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Updated: September 21, 2020 Experts Corner

Pandemic offers a chance to reset our personal wellness

Katie McDonald

This crisis can break us, but what if it makes us?

What if we wake up to the seductive ways in which we fell asleep? We are being called home to our shelters and to ourselves. We have been breathlessly busy. And maybe a virus that attacks the lungs has a message for us.

Retreat. Come home. Now is the time to observe our habits and renegotiate the relationship we have with ourselves. Most of us have been trying to outrun the quiet where self-reflection and the truth reside and where we observe the ways in which we may have become unconscious.

This great pause reminds us there is nowhere to hide. There is not enough booze, junk food, Netflix, busyness, or business to disguise the fact that we must rise to the responsibility of taking care of ourselves. The cacophony of our lives has drowned out the desperate plea for a pace that nourishes rather than punishes.

Rarely do our teachers appear as we would expect or want. Cloaked as a virus, this teacher expects us to show up for class. And we want to learn everything we can.

Here is our homework that takes us beyond the basics and leans towards the bodacious:

Organize: Our delusion of control is gone. Let’s gain some mastery over our space by organizing one spot every day. Setting a timer for 15 minutes, we can liberate ourselves from whatever no longer serves us, appreciate what we have, and set ourselves up for feeling in control.

Plan the day: Embrace the gulp of white space on our calendars as a canvas. A vision for the day provides scaffolding in a world that feels wobbly. Checking in with ourselves daily allows us to get a read on our capacity in terms of energy, external commitments and family demands.

We are collectively compromised so we need to be real. Identifying three things we commit to complete and doing them, we set ourselves up to be successful. Defeated, we stay stuck.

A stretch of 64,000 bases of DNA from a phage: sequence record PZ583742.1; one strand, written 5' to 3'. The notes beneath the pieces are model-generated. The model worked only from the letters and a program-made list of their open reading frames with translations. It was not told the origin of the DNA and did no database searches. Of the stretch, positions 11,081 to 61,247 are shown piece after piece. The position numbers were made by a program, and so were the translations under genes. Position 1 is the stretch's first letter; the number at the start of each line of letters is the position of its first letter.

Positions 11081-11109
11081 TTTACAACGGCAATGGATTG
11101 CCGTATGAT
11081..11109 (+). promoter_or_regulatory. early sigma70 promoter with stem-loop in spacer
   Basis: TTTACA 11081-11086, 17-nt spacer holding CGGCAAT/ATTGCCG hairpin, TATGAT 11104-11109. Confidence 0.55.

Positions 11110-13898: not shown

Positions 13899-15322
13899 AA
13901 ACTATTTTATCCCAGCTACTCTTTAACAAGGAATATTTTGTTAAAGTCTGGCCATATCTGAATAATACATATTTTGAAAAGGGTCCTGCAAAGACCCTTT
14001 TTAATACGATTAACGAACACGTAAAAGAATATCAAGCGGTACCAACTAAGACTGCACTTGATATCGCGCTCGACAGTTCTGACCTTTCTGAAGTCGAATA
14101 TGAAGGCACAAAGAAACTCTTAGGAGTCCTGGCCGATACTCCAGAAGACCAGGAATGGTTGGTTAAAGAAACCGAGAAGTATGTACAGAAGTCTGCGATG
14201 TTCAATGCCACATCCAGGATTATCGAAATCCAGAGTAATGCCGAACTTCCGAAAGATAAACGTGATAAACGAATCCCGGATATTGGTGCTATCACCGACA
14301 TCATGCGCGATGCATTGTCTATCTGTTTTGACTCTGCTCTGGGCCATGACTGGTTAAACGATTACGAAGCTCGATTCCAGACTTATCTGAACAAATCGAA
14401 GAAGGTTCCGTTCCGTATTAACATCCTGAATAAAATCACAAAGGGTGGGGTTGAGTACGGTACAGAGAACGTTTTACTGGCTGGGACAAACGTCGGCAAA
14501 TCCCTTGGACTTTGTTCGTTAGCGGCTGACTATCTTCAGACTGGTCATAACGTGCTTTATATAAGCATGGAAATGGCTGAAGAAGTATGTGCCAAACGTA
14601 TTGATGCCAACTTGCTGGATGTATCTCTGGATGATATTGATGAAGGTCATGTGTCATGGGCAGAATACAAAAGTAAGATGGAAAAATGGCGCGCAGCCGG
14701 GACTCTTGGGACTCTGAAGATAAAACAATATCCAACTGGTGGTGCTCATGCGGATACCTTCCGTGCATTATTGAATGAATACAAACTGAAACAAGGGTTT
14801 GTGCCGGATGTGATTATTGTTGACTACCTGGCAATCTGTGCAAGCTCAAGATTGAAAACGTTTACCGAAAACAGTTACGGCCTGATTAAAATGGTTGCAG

News limits: Our minds are the gates to our immune systems and we must fortify that fortress. Turning off the news reminds us of our responsibility to cultivate our own thoughts, and tame our minds. We need to discern how much is enough for us to feel informed without tipping into panic.

Ask: Does this information empower or debilitate? The same applies to social media. Screw “comparisonitis,” especially now as we need to strengthen and prop ourselves up.

Boundaries: What was a bedroom is now an office. Where there were distinctions like school time, work time, family time, there are now none.

What was meal time is now a day-long buffet. Blurred lines everywhere. Chaos magnifies fear so let’s gain as much clarity as possible.

Establish a start and end time for work, school, etc. Commit to a consistent meal time to quiet the urge to graze. Using the phone’s alarm, enact the time-tested bell ringing to signify transitions.

When the lines between us feel pencil thin and a Sharpie border is what’s needed, we can find a nook or favorite chair that we can call our own. A time out.

This crisis will change us. Let’s make sure we have some say in how.

This collective exhale liberates us from the tyranny of our expectations. We may not be able to go out so let’s go inward.

Katie McDonald, CEO and founder of bnourished, is a self-care strategist.

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